Some may say this is overly pessimistic- after all many Christians seek to tell the gospel in the social media arena. And it is good that they do. But anyone who seeks to tell the truth is up against it. Truth is not really a feature of modern life. At least not true truth such as the gospel tells.
Nevertheless the suppression and ignoring of truth is hardly a new thing. Humans have a built in tendency to veer away fro truth - due to the power of the real world ruler - the great Liar.
But their is hope for truth. Truth does exist and can be known. The one true God who has made everything and told us about himself and his world, has made it known.
It is Jesus who tells the truth about humans and God. Jesus seemed concerned that those who believed in him, his opponents in the Sanhedrin and even Pilate should know the truth.
KNowing the crucial true truth doesn't involve long university courses or reading boring books. Jesus said to know the truth all we have to do is to hold to his teaching. Or stay in it. Or live in it. Or keep on living and doing it.
And that tells us something else about truth. God's truth is for living, not for knowing many obscure and clever things. It is practical because it brings us into the life of God himself and helps us live his life in a very confused and truth suppressed world.
Keep reading, marking digesting, doing.
A heart full of water
A heart full of water. So Jesus describes the outcome of an event he promises. Although the heart is not described as full. Rather it produces a flow of water: "rivers of living water". Actually it is not the heart but the inside of a person where the water flows. From their inner being.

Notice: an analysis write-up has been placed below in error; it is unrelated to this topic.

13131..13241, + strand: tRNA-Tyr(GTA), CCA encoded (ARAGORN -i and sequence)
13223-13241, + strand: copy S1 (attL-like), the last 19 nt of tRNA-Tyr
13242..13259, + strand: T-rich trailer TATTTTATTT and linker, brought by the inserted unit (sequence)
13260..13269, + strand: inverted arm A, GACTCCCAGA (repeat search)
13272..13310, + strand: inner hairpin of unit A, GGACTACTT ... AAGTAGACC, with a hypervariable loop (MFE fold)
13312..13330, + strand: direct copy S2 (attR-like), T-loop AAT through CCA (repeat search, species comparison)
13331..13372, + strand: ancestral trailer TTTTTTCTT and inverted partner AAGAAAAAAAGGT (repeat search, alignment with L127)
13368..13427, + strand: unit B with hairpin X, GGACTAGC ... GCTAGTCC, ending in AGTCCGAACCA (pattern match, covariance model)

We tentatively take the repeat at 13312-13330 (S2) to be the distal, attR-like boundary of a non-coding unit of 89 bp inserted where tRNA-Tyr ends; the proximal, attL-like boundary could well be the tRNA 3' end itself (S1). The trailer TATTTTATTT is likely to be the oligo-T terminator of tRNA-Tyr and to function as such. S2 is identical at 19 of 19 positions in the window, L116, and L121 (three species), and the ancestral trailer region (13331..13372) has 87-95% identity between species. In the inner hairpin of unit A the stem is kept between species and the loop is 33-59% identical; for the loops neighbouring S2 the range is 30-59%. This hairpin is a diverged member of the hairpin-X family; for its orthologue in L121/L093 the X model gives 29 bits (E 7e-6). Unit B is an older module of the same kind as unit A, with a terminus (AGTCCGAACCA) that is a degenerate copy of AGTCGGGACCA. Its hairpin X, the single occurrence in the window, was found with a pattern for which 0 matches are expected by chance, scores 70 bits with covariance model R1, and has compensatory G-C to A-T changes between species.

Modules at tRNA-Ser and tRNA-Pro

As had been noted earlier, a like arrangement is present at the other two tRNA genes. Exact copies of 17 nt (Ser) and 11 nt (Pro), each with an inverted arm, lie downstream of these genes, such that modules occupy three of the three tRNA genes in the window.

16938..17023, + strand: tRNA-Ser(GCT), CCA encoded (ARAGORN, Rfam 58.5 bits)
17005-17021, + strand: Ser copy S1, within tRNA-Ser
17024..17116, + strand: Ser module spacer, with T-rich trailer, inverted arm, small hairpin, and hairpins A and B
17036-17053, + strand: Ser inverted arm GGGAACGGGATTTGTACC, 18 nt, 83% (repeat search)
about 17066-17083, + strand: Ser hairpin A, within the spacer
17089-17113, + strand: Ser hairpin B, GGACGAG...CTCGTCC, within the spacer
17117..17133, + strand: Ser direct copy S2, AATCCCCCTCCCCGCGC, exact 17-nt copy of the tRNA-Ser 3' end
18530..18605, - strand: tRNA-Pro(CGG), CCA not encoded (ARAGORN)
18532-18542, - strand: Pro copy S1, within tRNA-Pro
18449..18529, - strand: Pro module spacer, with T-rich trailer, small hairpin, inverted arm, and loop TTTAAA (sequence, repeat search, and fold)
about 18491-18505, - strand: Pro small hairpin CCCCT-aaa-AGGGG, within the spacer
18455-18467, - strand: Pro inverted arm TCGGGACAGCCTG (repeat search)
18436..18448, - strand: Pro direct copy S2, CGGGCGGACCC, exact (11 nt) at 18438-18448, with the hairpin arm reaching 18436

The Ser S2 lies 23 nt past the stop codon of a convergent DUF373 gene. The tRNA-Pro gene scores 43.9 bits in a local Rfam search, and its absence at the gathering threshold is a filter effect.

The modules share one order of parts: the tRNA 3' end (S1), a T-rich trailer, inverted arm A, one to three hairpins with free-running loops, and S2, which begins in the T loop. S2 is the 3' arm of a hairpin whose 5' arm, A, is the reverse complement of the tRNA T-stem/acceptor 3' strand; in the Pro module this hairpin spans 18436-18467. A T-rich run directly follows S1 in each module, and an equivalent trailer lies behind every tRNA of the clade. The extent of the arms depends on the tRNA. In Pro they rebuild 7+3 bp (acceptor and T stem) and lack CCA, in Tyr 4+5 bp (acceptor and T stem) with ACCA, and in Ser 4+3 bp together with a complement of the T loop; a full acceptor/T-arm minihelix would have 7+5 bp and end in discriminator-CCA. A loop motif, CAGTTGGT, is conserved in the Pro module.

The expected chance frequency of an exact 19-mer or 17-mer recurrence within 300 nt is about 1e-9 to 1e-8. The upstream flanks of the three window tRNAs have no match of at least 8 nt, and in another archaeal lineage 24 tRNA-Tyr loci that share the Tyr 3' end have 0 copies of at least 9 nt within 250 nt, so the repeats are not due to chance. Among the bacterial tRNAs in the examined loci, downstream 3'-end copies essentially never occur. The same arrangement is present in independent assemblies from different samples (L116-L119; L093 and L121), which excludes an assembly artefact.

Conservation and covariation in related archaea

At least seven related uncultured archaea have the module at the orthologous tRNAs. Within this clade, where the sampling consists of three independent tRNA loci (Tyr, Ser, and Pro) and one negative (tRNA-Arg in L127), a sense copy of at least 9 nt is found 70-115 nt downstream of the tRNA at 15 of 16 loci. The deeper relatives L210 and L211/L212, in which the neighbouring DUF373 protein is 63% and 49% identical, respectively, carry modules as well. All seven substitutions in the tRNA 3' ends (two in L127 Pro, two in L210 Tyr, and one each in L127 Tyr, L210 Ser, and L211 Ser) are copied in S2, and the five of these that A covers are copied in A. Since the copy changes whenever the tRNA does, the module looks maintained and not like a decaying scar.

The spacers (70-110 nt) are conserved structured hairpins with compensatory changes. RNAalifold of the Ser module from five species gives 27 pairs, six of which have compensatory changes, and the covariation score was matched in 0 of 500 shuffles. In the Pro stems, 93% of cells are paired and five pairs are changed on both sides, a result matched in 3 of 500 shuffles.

One could read this promise as though it describes the source of living water for other people - flowing out from one to another. But Jesus is not thinking that way. He is describing the same source of water for everyone. "Rivers" is a way of describing the ongoing flow of God's life running through and from the believer.
The "water" is the Holy Spirit according to John. Flowing from the inner being of those who come to Jesus to drink. It is a striking image. An image one could more easily associate with Jesus himself. It sounds like the water from the Rock at Mt Horeb (Ex 17). It makes sense of Jesus himself pouring out the Holy Spirit. And although some scholars want to make this passage about the Holy Spirit flowing out from Jesus, it is actually believers that Jesus is talking about.
So what is the point of describing the Spirit in us as a flowing river? Usually of course rivers are flowing. Water that doesn't flow is not usually a river. What is wrong with having a dam, or reservoir, or lake of the Holy Spirit in us? It is quite a different image isn't it.
If we think of the powerful life giving life of God, then a river is a much better image. The Holy Spirit whom Jesus promises is not someone who can be dammed up or kept in reserve. The flow of the Spirit's life parallels the life of God himself.
Indeed the Spirit in believers is the life of God. Just as we can easily think of this image applying to Jesus, so we should think that this is how he wants his life to be seen in us. How he wants his life to be in us.
In whom? In the thirsty. In those who want God in their life. In those who want to share in God's own life.
And they are the ones who can point others to where to get the water. Only from Jesus.